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National health spending continues to grow more slowly than GDP, falling Medicare price growth pulls health care inflation lower, and health employment grows moderately and mostly in ambulatory care settings.
In this month’s data, we incorporate CMS health spending projections that show health spending grew by 4.2% in 2021; health care price and utilization growth remains low; and hiring slows in March.
National health spending was lower in January 2022 than in December 2021; the gap between health care and economywide price growth sets a record; and health care hiring picks up in February 2022.
National health spending grew by 3.4% in 2021 including pandemic-related federal government support, a jump in health care prices paid by private insurance is offset by a Medicare price slowdown, and health care employment started 2022 with modest growth.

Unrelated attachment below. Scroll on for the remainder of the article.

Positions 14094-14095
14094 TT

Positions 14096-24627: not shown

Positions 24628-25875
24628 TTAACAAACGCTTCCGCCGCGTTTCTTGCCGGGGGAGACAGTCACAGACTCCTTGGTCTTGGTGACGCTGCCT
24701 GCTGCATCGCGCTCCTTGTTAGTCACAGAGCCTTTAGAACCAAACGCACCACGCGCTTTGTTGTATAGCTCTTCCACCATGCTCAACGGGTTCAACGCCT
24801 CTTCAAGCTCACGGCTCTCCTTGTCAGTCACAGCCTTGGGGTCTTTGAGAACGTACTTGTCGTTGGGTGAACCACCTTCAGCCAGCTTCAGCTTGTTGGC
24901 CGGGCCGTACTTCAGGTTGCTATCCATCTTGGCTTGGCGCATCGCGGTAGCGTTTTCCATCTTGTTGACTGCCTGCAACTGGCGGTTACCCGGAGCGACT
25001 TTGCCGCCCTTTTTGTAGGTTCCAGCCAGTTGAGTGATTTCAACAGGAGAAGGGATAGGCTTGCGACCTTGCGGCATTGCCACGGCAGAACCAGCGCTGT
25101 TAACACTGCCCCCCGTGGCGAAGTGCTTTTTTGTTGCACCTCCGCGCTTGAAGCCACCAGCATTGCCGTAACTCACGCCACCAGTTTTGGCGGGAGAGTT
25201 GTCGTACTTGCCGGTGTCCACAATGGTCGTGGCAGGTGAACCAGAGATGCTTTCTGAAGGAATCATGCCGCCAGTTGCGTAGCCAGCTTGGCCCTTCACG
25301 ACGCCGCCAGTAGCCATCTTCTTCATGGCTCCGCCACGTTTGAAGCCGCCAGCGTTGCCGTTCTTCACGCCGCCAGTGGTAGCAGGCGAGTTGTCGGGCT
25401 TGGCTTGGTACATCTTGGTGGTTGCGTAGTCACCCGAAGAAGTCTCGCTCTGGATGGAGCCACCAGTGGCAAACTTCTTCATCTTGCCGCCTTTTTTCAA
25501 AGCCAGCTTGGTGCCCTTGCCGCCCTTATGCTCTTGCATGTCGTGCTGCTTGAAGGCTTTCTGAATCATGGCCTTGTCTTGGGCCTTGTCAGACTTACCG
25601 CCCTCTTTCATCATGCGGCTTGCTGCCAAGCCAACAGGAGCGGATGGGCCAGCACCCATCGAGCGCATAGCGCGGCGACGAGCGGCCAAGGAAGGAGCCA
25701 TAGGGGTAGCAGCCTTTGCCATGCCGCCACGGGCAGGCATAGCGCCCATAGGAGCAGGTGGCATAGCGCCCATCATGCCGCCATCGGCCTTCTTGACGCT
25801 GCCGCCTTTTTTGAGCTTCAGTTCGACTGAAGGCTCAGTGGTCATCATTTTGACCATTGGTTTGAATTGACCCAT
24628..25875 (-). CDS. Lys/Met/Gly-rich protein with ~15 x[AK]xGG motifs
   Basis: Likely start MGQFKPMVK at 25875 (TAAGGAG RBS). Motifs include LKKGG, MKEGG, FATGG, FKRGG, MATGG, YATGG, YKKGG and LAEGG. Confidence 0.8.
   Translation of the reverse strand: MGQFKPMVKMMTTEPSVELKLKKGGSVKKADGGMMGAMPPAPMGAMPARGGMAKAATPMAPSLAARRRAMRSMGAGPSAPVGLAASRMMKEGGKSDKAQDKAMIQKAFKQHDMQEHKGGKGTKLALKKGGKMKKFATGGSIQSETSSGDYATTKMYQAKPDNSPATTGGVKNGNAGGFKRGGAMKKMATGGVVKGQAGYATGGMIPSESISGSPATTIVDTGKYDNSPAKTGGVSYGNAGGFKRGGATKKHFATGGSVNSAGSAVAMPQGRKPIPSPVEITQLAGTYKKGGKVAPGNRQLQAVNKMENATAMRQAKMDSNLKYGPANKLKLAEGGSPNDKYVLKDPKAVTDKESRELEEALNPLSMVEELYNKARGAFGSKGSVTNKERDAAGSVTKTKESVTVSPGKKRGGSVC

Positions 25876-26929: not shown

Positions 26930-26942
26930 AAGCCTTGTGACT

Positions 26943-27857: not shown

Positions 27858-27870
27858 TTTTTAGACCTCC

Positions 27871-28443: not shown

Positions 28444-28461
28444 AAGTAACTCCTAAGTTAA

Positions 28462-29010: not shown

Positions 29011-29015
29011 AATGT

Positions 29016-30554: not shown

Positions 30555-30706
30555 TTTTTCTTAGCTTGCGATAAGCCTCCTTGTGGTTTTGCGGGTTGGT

Spending growth since the start of the pandemic reflects significant federal government support; price growth has picked up but remains well below economywide inflation; and employment grew slowly in 2021 and only in ambulatory care settings.
In this month’s Health Sector Economic Indicators briefs, we incorporate new CMS health expenditure data for 2020 and show the impact of federal spending on near-record growth, while healthcare prices rise slightly and 2021's labor trends persist.
With high GDP growth, health spending stabilizes near 17.5% of GDP, health care price growth remains low amid continued increases in economy-wide inflation, and jobs in ambulatory care continue to grow amid strong economy-wide job growth.
Health spending surpasses $4 trillion while its share GDP share continues to fall, economywide inflation continues to overshadow health care price growth, and health care employment falls—driven by hospitals and residential care.